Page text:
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Thank you Ian & Ken for your feedback. Both explanations make good sense, and I hope that they reflect the philosophy adopted in the Synscan & Nexstar az-alt alignment software. I still feel that it should be possible to reduce some of the, small, errors if the mount's azimuth axis is truly horizontal. In any case, once I have selected my first alignment star, the handset tells me to slew to az and alt coordinates. By having the mount level, and starting from roughly north, I can set the alt angle using the handy scale on the mount top, and use a compass for the approximate az angle. This usually gets me the star in the finder. The second star is easier because the mount slews automatically to (roughly) the correct position.

The Synscan software has a PAE option to improve alignment, and thus tracking, in a small area of sky around a chosen object.

The Skymax tripod has a small bubble level. This is OK for the tripod, but I wondered if this translated up through the mount base, and thus into the az axis. I set the tripod's bubble central, and then fitted the mount, with the OTA reasonably level and then sat a spirit level on its top. I made some small alt adjustments to set the edge of the spirit level's bubble between two alignment marks. With a perfectly aligned az axis, this bubble offset (alt angle) should be maintained at all az angles. I then rotated the az axis 360 degrees. The bubble moved, indicating that the az axis was slightly off vertical. I made some trial and error adjustments to the tripod's legs until I had corrected the error. I then used my Swiss Army knife to adjust the bubble level, and then re-fixed it with superglue. I now have better vertical alignment. :icon_biggrin:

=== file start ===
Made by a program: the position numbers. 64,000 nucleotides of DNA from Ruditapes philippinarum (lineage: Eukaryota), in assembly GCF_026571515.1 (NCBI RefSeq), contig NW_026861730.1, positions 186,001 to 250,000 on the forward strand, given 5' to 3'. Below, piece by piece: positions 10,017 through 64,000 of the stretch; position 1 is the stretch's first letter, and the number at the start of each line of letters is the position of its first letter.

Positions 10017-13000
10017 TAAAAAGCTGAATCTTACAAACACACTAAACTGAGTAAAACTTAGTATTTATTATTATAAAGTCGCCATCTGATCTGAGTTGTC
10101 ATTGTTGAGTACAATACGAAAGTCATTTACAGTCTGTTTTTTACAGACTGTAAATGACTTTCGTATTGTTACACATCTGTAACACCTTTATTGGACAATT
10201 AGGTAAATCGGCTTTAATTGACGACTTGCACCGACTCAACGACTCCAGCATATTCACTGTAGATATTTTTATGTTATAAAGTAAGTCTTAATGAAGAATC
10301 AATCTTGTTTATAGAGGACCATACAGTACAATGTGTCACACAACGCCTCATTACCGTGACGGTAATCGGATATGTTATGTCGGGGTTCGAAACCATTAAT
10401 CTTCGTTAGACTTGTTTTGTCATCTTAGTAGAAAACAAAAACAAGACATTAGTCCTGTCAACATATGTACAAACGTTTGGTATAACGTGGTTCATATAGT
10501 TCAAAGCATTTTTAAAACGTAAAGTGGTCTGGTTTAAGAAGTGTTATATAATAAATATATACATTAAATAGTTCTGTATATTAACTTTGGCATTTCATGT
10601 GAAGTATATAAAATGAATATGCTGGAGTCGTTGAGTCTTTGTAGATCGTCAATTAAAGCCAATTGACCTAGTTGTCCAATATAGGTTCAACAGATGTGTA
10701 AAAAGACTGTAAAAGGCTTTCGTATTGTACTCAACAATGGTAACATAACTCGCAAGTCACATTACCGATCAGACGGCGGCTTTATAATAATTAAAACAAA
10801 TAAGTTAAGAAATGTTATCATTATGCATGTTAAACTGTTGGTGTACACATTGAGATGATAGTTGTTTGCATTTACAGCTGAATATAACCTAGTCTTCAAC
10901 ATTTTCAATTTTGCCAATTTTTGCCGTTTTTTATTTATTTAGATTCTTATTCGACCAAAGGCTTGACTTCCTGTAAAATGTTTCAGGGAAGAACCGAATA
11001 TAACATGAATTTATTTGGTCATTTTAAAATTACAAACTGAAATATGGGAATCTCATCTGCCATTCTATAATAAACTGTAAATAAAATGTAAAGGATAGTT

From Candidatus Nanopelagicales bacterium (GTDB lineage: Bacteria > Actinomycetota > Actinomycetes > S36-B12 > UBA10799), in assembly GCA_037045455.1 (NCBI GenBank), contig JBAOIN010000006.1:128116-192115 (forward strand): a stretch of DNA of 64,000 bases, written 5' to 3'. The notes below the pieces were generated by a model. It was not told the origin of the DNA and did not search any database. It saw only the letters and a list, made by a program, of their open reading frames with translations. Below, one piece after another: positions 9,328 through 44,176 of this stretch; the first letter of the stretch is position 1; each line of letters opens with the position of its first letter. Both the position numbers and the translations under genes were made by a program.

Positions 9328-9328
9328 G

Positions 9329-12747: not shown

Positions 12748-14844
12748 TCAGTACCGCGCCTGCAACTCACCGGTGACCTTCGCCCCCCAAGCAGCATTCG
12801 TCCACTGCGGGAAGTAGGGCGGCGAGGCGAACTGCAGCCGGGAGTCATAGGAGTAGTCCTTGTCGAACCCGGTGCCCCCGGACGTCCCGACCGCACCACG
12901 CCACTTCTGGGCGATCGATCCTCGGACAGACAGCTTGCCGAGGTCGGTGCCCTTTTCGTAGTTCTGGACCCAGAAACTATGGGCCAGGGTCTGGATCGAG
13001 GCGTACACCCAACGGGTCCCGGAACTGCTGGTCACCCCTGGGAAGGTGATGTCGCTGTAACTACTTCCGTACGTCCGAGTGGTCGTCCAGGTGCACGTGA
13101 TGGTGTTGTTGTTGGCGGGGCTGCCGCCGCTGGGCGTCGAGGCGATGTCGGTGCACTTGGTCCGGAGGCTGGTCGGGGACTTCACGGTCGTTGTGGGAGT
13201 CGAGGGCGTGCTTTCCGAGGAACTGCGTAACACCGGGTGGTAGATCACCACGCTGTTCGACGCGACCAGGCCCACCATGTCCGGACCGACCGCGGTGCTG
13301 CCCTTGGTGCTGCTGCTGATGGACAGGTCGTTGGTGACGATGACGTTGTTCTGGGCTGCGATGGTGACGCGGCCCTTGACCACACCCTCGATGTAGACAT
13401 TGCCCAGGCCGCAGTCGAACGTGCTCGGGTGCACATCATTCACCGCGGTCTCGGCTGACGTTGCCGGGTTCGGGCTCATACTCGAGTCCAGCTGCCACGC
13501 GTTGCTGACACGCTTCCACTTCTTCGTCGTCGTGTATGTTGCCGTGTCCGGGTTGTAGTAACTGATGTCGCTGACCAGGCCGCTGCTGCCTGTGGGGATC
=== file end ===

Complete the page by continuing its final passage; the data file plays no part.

Now I just need some clear skies, and a reduction in the gusty wind, to improve my alignment skills.

Geoff

Edited by Geoff Lister
change "alt" to "az" towards bottom of 1st para

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That's going to some lengths Geoff! My Nexstar has a separate flat-topped tripod and I use a traditional spirit level in two perpendicular directions to adjust it to level. The small bubble level that came with the mount is hopelessly inaccurate and I don't think it gives the precision required. With the ordinary level it only takes a few mm adjustment of a tripod leg to significantly alter the bubble's position. But you are correct in that I have no idea how true the az axis is. But that is as far as I'm prepared to go, and I'm assuming that the alignment routine will account for any slight error.

I think it is also essential to be fairly accurate with the time setting too. I use a suitable website on my tablet giving me the time (www.time.is), which is probably about the best I can do, as I don't have a GPS input.

With my Nexstar I use a manual 2-star align, selecting my chosen stars from a list of stars, aligning to each in turn. I use a RDF initially and then home in using the magnified live-view feature of the camera.

"Now I just need some clear skies, and a reduction in the gusty wind, to improve my alignment skills." Hmm, that's the most frustrating part.

Ian

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Thanks all - I've decided to go with Synscan - in the form of @Flyingfuzz 's Star Discovery 150P :D